Wednesday, June 24, 2009

The Garden of Last Days by Andre Dubus III

The Garden of Last Days by Andre Dubus III
544 pages
Published June 2008 by Norton, W and W Company Inc.

Synopsis: April's usual babysitter, Jean, has had a panic attack that has landed her in the hospital. April doesn't really know anyone else, so she decides it's best to have her three-year-old daughter close by, watching children's videos in the office while she works.

April works at the Puma Club for Men. And tonight she has an unusual client, a foreigner both remote and too personal, and free with his money. Lots of it, all cash. His name is Bassam. Meanwhile, another man, AJ, has been thrown out of the club for holding hands with his favorite stripper, and he's drunk and angry and lonely.

My Thoughts: "Garden" in the title refers to the fact that this book is set in Florida in the week leading up to 9/11. And that's about as far as that image goes in this novel. Every thing else is gritty and dark, filled with very complex characters who are nearly all deeply flawed. The majority of the story in set in one night and Dubus alternates the narrative between the different characters. And this is where I started to get both frustrated and drawn in. As each character moves to the forefront, Dubus moves the action between that character's current actions and his/her past. Just as I was really starting to connect with a particular character's story, Dubus would move on. Usually this helps to pull me along in a book as I become eager to get to each character's next section. But these were very long sections and the reader is likely to lose momentum. And did I mention that this book is gritty and dark? Very gritty and very dark--as, I guess, you would expect from a story set in a strip club. AJ has abused his wife. The club bouncer has a long history of violence. April is gang banged in a flashback to her early stripping days. You might think that with people like this, it would be hard to feel anything for any of them. But Dubus does so an excellent job of making these people, whose lives have led them down this path, two dimensional.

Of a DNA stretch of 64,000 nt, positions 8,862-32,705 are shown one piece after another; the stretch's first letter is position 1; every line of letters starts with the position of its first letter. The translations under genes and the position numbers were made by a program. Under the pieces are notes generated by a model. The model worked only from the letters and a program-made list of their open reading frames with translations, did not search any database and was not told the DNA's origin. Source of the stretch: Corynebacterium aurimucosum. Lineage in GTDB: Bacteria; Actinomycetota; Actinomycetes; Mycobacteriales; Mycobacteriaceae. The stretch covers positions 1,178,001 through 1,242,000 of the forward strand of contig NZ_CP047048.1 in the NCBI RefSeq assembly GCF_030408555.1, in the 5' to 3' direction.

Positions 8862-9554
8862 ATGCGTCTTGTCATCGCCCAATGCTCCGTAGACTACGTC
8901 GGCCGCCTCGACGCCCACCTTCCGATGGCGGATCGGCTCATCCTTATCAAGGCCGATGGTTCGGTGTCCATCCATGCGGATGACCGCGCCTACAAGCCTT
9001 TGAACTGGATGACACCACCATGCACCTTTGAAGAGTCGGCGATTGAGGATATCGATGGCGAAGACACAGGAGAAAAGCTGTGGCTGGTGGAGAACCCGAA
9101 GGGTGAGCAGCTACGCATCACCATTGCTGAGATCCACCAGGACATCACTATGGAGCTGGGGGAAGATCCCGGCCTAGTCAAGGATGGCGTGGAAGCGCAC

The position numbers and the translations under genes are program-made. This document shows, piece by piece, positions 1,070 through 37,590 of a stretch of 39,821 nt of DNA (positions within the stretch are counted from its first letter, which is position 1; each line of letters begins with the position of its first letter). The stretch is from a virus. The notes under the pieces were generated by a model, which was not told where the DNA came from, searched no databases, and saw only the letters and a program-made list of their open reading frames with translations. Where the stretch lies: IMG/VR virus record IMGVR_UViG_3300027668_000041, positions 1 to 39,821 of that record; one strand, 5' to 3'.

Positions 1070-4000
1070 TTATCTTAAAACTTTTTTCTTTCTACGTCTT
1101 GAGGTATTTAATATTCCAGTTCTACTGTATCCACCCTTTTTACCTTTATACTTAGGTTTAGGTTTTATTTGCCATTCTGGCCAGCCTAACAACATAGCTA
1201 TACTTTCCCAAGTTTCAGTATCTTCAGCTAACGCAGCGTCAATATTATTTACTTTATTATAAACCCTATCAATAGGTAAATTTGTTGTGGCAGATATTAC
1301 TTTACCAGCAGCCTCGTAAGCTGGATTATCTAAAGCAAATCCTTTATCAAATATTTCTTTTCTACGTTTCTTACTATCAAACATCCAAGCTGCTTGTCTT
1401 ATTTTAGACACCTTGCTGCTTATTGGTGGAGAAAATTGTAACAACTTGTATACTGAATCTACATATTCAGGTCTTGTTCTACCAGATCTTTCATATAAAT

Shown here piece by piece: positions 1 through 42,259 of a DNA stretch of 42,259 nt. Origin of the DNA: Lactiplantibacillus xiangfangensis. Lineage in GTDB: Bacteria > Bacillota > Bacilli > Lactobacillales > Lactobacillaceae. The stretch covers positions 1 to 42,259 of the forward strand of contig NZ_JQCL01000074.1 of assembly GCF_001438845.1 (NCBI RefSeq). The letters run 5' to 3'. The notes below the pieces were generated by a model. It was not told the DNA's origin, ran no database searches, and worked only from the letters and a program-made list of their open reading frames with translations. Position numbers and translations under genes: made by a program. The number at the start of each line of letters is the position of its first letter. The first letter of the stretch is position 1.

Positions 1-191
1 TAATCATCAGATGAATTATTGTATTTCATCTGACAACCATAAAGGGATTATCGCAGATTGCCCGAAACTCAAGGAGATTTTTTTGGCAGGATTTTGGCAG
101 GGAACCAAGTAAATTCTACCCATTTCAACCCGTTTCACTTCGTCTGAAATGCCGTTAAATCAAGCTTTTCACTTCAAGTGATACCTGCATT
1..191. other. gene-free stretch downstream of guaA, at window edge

For another opinion (three actually), check out this review at threeguysonebook:

Be forewarned if you are thinking of listening to this book on CD--it is narrated by a man who struggles with capturing the voice of a female and there are many of them here that he tries to find individual voices for. It does take something away from the story.

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